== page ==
Where it was, and as it was!

Written by  Vittorio Chiari
The rebuilding of Saint Benedetto, a temple of spiritual life and folk memories.
That war and art cannot go hand in hand is illustrated in the small stretch of history that covers the life of the San Benedetto church. This year marks 50 years since its post-war reconstruction and consecration, to which the Fondazione Cassa di Risparmio di Ferrara made its first major contribution by supporting urgent maintenance work on the roof.

On 28 December 1943, wailing sirens heralded an unexpected air raid strike. The planes vanished as quickly as they had arrived, leaving dozens of dead in their wake. The parish priest, Father Michele Gregorio, recorded 62 of them in his parish register.

Without warning, the planes returned on the 28 January 1944. This time there were no human casualties, but tragically, one of the most familiar churches on Ferrara's landscape, the church of San Benedetto on the Via dei Prioni (today known as Corso Porta Po) was struck.

San Benedetto was a stupendous church, easily recognised by its bell tower, which leaned like the Tower of Pisa. It was designed by Aleotti in 1621 and was completed in 1646. The church became a home to the monks of Pomposa Abbey, who had been forced to move into the city during a malaria outbreak in 1553.

The history of the monastery, fascinating to mediaeval scholars, is closely interwoven with that of 16th century Ferrara. It was here, on 3 July 1486, that Ercole I d'Este and the Bishop of Adria together laid the foundation stone of the new abbey in the area known as the 'Addizione Erculea' as described by Biagio Rossetti. The same architect, or - as some experts believe - students of his school built this monumental church. It was the centre of the spiritual life of the city, and home to the Benedictine monks until 1797, when a Cisalpine Republic decree dissolved the order. The church was desecrated and became first a stable, and then an army barracks and hospital for the war wounded of various wars.

The sublime poet Ludovico Ariosto, author of the epic poem Orlando Furioso, was buried there at his own request. No famous person passing through Ferrara failed to visit it. Later, after the Napoleonic Edicts in 1801, the monument and tomb were moved to avoid damage to the Biblioteca Comunale where they remain to this day.

In 1812, the church was handed back to the church while the monastery continued to belong to the military administration. In 1912, the Salesian order obtained part of the cloisters and transferred the Istituto San Carlo boarding school there. The San Carlo, which educated thousands of students from the province and from the region, remained open until some 20 years ago; it has now stands empty and has fallen into an advanced state of disrepair.

In 1930 archbishop Ruggero Bovelli asked the Salesians to take on responsibility for the parish. The first parish priest was the Piedmontese Father Michele Gregorio, a cultured and compassionate man who began his parochial duties by opening an Oratory for young people.

The church was restored to its former artistic glory by the intelligent and courageous work of canon Monsignor Benedetto Pavani, who never gave up in the face of the difficulties he encountered in restoring the church.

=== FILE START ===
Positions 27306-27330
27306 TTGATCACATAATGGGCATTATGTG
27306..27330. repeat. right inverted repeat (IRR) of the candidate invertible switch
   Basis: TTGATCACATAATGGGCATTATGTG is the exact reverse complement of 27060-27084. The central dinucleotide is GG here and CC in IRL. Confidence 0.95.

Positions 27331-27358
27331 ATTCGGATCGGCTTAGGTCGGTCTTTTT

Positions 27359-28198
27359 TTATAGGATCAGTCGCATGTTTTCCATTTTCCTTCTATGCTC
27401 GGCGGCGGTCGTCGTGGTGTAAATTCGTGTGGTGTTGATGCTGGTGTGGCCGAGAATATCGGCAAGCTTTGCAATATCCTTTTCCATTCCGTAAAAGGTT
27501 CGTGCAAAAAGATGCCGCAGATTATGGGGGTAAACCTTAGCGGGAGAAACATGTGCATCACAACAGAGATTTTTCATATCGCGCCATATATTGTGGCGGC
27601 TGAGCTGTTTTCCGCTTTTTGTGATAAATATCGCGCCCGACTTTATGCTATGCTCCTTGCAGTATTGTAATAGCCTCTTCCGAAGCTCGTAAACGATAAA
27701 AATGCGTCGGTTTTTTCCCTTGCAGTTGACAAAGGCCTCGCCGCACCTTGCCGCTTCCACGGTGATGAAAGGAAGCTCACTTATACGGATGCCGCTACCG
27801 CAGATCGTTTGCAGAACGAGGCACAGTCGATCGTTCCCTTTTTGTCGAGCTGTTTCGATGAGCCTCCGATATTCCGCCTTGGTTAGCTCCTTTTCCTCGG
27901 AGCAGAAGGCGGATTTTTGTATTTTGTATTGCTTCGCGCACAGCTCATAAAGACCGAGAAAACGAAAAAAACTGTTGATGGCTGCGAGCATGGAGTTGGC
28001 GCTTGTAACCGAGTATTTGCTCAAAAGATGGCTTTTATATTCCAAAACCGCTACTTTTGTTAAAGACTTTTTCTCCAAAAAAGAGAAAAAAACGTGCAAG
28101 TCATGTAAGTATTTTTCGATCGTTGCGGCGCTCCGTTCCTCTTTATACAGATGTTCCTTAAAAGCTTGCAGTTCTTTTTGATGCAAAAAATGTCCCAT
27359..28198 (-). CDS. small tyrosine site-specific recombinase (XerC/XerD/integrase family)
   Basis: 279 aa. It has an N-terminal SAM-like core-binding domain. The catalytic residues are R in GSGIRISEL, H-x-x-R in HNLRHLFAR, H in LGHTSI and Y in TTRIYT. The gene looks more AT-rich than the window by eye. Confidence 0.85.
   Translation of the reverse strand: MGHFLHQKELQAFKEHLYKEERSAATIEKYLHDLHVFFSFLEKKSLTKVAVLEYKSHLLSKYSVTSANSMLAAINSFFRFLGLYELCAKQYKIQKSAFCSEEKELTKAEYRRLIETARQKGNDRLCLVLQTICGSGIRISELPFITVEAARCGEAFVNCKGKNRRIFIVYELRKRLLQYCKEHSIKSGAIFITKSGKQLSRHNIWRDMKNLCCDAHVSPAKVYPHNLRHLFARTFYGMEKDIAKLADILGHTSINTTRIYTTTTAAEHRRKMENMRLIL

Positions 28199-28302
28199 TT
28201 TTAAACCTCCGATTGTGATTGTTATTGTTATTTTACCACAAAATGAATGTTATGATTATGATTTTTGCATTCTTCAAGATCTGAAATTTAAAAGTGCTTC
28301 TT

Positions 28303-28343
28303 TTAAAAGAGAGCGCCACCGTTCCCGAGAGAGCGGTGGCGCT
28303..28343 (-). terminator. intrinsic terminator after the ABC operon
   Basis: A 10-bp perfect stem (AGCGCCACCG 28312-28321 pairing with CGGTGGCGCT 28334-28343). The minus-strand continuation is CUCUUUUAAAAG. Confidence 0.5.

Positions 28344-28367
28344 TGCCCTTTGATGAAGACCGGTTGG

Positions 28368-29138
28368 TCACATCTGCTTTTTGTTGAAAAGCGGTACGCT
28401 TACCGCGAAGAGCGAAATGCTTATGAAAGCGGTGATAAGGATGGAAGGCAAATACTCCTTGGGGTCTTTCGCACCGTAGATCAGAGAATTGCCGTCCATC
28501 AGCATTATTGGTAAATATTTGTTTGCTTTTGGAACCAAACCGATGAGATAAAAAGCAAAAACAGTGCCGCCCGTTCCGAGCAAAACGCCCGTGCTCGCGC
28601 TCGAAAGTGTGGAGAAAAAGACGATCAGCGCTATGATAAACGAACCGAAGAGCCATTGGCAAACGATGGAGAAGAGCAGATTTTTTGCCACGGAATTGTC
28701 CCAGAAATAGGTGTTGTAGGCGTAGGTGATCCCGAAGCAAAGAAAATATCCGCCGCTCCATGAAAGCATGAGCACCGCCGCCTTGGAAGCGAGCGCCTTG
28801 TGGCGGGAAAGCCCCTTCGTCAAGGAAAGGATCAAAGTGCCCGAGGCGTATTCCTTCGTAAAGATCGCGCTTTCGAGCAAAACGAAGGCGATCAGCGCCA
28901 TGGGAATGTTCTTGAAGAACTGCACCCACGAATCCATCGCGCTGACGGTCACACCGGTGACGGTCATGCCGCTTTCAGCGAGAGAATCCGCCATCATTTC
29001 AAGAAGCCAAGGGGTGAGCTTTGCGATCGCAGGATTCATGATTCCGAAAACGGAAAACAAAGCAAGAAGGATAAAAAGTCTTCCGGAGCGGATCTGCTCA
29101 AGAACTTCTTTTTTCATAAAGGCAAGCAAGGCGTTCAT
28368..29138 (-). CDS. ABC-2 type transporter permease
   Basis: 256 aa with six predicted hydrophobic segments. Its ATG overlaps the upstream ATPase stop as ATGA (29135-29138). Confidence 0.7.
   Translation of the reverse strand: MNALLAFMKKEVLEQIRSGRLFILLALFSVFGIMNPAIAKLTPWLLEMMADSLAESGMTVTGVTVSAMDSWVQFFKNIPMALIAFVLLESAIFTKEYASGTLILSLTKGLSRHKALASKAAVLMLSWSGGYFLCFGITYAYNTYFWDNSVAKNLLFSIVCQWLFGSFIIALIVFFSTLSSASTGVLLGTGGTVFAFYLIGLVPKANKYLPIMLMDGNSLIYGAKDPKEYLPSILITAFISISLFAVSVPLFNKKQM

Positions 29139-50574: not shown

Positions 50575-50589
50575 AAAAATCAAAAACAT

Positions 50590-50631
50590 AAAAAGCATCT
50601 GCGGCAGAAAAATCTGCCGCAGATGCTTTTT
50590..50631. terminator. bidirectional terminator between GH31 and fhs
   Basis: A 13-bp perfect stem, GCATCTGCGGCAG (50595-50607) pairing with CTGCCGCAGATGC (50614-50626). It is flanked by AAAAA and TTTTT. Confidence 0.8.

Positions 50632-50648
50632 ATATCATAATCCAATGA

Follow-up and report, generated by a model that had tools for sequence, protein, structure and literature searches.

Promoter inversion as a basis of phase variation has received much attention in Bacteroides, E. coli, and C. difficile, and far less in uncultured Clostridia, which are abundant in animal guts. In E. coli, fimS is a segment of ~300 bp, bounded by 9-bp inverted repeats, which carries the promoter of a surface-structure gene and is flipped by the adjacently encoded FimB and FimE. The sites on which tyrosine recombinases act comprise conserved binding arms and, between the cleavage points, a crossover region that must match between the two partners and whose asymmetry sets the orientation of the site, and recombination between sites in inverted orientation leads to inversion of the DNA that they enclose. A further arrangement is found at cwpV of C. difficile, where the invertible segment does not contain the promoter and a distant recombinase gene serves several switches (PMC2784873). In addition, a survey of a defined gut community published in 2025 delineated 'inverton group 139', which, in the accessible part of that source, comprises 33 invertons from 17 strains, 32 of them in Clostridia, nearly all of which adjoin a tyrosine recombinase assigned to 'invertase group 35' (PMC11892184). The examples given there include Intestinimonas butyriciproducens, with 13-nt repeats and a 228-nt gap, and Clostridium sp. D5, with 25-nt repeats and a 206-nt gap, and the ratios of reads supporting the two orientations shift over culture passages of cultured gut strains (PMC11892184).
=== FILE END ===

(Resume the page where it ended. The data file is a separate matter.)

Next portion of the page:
The war continued, and the third bombardment on the 5th of June 1944 was "fatal for the School", according to contemporary Salesian accounts; "Bombs rained down on the courtyards and buildings, and rendered the entire site uninhabitable."

"Tears are futile! We must rebuild our church," Father Gregorio told everyone, "where it was, and as it was," quoting the phase used by the Venetians when the bell tower of St Mark's Basilica collapsed.

In the archbishop of Ferrara, Monsignor Ruggero Bovello and the city's then Member of Parliament Natale Gorini Don Gregorio found backing for his obstinacy. Not everyone agreed, but the people of San Benedetto were at one with their priest: local memories were bound up with the church, and memories cannot be destroyed, wiped out. The matter was taken up by the City Council on the 7 June 1947. The vote, with 30 for and one abstention, supported Father Gregorio's view: the church would be rebuilt where it was, and as it was!

Work started on 28 May 1951, and was completed in 1954. Unfortunately, it was not possible to repair the damage inflicted on the church's artistic treasures, which careful research, presented in a photographic exhibition in 2004, has captured in images. Works by Tiarini and Bononi were destroyed, as was the gilded wooden altarpiece designed by Aleotti that contained Scarsellino's Our Lady of the Assumption, along with precious canvasses and frescoes by some of the greatest Ferrarese and Emilian artists of the century.

The ceiling, so magnificently decorated by Giannantonio da Chiavenna, was also destroyed, and the great organ installed in 1941 was buried under the rubble, along with the high altar and its precious tabernacle from Pomposa. From the former church, only the central pillars, forming the three naves with their lintels, the spandrels of the domes, and as much as possible of the lesser naves could be recovered.

In just three years, the church rose again in the space mapped out by Rossetti: only the frescoes and decorations are missing, but the church has been restored in the memory of its lines, through respect for those who built it, continuing to write new pages in the history of our city and our local church.